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Ukraine chooses east over west

Friday, November 22, 2013 - 02:34

Nov 22 - Protests continued in Kiev a day after Ukraine abandoned a landmark deal with the EU. The Government will revive trade talks with Russia instead, after parliament rejected the release of opposition leader Yulia Tymoshenko from prison, which was one of the EU's preconditions to the deal. Despite the set-back, the bloc's still hoping to make progress at next week's Eastern Partnership summit in Vilnius. Ivor Bennett reports.

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Ukraine is Europe they shout - geographically true maybe, but politically, there's still a long way to go. Protests continued in Kiev's main square a day after the government spurned a landmark deal with the EU, choosing instead to revive trade talks with Russia. Hundreds braved the pouring rain to voice their anger. (SOUNDBITE) (Ukrainian) UNIVERSITY PROFESSOR, MAXYM DILIGULASHVILI, SAYING: "I know, it sounds probably pompous, but if they are killing your dream, you want to go out and strike them in the face. That's probably why I'm here!" It was a case of east or west for Ukraine's Parliament. On one side - a free trade and cooperation agreement with the European Union. On the other - a Customs Union with Russia and other old Soviet allies. According to Ukraine's Prime Minister Mykola Azarov, the pivot east was for economic reasons only. (SOUNDBITE) (Ukrainian) UKRAINIAN PRIME MINISTER, MYKOLA AZAROV, SAYING: "What can compensate the enormous losses of closing of the Customs Union markets? I'm asking you, what?! Unfortunately we didn't get a realistic answer to this question." But opposition leaders don't agree, greeting the decision with shouts of shame. The EU pact was binned after parliament rejected the release of opposition leader Yulia Tymoshenko from prison - her image worn by her supporters. Allowing the former Prime Minster to receive medical treatment in Germany was a pre-condition to the deal. It was supposed to be signed at a summit next week. Despite the set back, the EU's still hoping to make some progress. Foreign policy spokesperson Maja Kocijancic. (SOUNDBITE) (English) SPOKESPERSON FOR EUROPEAN UNION FOREIGN POLICY CHIEF CATHERINE ASHTON, MAJA KOCIJANCIC, SAYING: "This is a disappointment. There are still concrete deliverables that we hope to achieve at the summit but obviously we were very much hoping to have this signature." But according to Nick Parsons from National Australia Bank, the bloc has bigger fish to fry. SOUNDBITE (English) NICK PARSONS, HEAD OF MARKETS STRATEGY, NATIONAL AUSTRALIA BANK, SAYING: "I think it's got enough problems consolidating the existing members, and trying to get agreement there. I think it's always going to be a wish, a desire, and ambition, but I think in terms of practical reality, further eastward expansion is not high on the agenda at the moment." Protests began in the Ukrainian capital soon after the deal was abandoned, and continued through the night. While Ukraine's connections with Russia run deep - much of the country are native Russian speakers - it's clearly an association many want to replace.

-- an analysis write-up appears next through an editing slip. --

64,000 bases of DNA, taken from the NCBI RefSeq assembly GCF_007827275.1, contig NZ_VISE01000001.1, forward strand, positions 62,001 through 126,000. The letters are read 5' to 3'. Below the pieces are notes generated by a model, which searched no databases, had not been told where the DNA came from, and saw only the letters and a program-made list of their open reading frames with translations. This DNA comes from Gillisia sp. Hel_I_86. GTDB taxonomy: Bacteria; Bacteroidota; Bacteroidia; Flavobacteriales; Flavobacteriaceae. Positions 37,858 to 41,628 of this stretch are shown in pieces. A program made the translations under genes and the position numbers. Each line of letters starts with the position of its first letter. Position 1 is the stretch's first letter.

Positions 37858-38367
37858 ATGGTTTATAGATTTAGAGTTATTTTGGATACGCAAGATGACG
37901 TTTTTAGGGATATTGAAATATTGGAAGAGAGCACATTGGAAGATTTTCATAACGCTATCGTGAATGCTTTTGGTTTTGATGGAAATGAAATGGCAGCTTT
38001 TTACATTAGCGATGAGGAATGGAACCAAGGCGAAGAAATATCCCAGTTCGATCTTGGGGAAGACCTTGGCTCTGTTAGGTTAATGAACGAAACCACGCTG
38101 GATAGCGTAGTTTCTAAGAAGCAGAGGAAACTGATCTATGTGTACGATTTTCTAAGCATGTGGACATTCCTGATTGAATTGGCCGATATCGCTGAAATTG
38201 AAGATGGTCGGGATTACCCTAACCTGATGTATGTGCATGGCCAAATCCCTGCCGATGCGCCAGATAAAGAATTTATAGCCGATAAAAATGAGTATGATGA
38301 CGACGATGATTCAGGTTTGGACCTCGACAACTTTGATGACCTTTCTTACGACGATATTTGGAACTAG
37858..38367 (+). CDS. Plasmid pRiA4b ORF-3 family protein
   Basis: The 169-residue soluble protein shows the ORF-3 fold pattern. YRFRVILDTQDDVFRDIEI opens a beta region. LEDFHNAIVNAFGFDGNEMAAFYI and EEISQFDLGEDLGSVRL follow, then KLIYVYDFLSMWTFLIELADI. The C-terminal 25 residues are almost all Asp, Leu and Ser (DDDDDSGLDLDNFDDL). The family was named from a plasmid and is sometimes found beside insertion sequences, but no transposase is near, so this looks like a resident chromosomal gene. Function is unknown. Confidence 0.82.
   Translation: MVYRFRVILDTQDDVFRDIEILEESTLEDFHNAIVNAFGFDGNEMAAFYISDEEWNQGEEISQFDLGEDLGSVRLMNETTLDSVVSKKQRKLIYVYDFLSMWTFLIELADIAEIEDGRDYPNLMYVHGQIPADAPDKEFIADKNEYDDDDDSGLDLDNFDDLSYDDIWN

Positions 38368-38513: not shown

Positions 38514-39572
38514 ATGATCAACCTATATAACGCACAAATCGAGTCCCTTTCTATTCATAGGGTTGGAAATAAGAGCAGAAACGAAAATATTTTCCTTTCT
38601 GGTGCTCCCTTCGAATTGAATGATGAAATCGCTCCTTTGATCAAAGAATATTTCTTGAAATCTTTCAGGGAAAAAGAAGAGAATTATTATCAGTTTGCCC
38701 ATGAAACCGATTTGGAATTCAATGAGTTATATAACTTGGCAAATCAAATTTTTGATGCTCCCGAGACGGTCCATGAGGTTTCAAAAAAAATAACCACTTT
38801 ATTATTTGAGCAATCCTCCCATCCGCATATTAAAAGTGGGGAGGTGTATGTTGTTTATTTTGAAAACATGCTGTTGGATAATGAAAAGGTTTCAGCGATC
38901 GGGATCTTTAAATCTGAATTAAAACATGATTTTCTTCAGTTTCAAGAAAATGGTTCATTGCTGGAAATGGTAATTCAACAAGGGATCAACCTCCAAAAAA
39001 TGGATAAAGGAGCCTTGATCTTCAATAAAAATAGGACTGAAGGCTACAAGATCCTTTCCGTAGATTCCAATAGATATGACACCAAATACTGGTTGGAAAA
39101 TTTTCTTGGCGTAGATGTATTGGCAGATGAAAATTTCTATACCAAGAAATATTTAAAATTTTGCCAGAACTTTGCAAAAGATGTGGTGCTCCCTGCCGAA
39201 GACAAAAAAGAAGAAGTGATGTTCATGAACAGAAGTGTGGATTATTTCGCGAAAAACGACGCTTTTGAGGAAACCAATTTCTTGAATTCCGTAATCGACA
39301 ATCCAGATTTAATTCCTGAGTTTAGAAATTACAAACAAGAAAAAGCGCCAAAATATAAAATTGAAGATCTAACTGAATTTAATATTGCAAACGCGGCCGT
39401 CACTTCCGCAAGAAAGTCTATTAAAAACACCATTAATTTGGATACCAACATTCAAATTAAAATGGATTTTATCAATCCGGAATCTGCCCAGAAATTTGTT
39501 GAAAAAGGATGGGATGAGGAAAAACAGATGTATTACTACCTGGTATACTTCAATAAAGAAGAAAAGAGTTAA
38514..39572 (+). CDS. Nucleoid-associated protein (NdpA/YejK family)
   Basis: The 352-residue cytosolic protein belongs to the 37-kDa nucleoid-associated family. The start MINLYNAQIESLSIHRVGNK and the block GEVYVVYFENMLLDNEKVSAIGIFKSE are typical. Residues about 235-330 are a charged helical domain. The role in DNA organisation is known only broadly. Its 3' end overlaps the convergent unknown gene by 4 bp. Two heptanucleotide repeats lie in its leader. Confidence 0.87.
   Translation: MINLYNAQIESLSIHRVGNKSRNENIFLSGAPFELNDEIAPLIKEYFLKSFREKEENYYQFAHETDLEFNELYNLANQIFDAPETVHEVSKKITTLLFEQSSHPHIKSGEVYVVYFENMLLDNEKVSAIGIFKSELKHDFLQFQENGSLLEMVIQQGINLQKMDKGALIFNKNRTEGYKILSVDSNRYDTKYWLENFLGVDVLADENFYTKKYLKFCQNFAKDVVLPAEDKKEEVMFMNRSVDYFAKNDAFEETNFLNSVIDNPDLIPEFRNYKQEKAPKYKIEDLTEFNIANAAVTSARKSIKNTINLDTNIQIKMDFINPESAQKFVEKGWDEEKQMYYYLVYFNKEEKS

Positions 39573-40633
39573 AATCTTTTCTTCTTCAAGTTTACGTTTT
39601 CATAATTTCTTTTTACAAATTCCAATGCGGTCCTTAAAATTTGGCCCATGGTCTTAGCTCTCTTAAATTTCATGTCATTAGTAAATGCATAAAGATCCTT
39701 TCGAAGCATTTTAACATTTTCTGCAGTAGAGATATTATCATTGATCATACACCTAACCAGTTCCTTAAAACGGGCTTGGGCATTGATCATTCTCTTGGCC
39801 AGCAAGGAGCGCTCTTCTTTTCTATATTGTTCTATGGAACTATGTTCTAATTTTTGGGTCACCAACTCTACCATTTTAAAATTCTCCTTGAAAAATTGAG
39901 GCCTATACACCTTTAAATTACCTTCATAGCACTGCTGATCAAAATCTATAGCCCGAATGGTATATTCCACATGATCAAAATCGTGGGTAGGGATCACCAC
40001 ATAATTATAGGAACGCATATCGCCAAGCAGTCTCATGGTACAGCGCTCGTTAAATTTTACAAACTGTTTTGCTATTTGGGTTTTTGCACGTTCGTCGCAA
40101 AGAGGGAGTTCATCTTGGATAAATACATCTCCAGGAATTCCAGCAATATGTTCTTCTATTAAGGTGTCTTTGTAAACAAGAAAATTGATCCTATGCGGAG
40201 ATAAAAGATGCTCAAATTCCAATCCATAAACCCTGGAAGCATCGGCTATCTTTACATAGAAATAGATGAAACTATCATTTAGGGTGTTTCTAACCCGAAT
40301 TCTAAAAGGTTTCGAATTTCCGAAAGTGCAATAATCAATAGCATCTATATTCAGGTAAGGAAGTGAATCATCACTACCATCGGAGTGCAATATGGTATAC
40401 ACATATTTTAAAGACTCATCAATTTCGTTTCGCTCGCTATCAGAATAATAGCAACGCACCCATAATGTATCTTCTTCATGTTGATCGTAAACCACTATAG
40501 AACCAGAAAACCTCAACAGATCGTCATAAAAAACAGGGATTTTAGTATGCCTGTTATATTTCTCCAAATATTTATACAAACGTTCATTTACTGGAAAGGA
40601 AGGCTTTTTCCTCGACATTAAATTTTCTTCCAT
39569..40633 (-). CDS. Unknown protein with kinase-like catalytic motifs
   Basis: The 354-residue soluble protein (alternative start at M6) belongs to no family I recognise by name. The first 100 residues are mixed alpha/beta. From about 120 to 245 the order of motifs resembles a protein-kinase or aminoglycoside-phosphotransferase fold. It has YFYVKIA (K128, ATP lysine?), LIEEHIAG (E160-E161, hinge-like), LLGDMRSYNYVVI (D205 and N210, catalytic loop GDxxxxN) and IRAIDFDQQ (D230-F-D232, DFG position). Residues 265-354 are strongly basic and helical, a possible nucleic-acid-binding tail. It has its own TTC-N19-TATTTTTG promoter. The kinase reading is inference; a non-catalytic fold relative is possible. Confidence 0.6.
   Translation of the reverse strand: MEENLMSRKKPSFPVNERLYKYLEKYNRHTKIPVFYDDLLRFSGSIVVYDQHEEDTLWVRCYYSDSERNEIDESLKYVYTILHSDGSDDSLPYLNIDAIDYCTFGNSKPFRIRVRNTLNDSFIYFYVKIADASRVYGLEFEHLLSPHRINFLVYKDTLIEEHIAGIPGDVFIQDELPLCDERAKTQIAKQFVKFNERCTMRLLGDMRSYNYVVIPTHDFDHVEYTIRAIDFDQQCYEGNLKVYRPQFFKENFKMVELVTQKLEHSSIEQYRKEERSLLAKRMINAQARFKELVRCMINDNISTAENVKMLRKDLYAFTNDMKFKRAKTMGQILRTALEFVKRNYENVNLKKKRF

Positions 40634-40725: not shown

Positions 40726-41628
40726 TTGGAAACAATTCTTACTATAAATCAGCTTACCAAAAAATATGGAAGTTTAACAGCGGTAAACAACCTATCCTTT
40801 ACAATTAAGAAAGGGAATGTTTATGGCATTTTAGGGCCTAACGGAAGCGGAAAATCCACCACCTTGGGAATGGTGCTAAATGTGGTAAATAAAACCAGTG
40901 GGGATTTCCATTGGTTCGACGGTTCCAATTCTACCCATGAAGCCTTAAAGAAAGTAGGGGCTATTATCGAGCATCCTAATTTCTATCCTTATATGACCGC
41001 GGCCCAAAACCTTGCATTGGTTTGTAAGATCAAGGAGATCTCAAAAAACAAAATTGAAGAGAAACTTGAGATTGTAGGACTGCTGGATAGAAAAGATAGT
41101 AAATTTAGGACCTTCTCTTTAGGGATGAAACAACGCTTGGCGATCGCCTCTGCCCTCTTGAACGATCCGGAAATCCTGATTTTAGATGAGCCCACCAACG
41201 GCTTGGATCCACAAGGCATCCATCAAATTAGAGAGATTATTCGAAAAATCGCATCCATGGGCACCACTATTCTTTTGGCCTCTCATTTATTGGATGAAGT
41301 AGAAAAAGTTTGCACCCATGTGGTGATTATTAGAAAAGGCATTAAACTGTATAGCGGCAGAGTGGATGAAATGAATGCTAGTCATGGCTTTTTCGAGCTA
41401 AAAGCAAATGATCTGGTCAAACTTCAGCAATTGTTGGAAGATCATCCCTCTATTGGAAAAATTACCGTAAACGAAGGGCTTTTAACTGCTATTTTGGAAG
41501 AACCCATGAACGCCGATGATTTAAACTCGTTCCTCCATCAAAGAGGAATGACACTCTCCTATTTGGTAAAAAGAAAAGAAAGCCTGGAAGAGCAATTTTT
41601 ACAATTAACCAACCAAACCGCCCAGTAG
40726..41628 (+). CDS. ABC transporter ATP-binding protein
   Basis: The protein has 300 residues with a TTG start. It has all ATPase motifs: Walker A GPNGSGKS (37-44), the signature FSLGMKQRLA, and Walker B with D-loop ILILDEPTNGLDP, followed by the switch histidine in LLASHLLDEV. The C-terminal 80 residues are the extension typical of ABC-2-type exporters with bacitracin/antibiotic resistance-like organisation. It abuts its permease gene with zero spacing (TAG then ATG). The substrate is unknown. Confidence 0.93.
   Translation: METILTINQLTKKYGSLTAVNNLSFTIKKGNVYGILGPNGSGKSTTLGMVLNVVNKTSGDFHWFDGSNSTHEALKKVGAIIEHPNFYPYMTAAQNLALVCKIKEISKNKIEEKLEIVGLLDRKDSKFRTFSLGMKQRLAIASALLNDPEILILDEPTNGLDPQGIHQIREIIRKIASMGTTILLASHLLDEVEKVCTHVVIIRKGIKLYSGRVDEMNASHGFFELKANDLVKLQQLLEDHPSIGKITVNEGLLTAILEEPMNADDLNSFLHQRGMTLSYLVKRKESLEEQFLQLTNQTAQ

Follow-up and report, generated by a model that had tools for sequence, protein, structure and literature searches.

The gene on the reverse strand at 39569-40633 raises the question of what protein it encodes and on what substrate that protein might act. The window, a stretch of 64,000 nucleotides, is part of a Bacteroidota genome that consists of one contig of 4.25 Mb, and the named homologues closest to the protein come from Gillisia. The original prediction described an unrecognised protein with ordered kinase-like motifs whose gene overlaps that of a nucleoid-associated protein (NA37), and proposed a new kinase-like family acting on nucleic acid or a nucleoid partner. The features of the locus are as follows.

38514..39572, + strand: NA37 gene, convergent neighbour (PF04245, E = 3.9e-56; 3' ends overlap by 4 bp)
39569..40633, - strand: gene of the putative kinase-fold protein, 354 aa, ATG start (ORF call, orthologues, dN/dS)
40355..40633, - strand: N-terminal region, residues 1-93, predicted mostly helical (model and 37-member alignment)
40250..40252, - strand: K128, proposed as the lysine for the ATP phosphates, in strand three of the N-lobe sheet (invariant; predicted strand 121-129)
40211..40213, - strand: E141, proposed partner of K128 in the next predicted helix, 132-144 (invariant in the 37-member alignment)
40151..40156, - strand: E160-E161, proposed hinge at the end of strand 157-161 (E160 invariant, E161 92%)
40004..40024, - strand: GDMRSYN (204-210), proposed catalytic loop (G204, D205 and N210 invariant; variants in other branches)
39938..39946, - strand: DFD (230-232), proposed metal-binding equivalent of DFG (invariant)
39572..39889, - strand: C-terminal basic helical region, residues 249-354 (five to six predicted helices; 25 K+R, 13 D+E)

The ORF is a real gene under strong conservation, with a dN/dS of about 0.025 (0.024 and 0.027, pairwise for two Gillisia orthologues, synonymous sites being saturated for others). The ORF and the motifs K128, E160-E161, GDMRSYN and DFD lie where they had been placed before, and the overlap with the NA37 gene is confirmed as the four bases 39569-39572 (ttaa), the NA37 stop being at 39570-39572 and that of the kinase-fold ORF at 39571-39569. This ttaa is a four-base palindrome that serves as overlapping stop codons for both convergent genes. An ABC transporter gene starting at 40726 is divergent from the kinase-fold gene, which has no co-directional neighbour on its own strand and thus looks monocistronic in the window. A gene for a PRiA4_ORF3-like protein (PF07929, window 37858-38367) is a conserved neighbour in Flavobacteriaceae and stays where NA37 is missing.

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Ukraine chooses east over west

Friday, November 22, 2013 - 02:34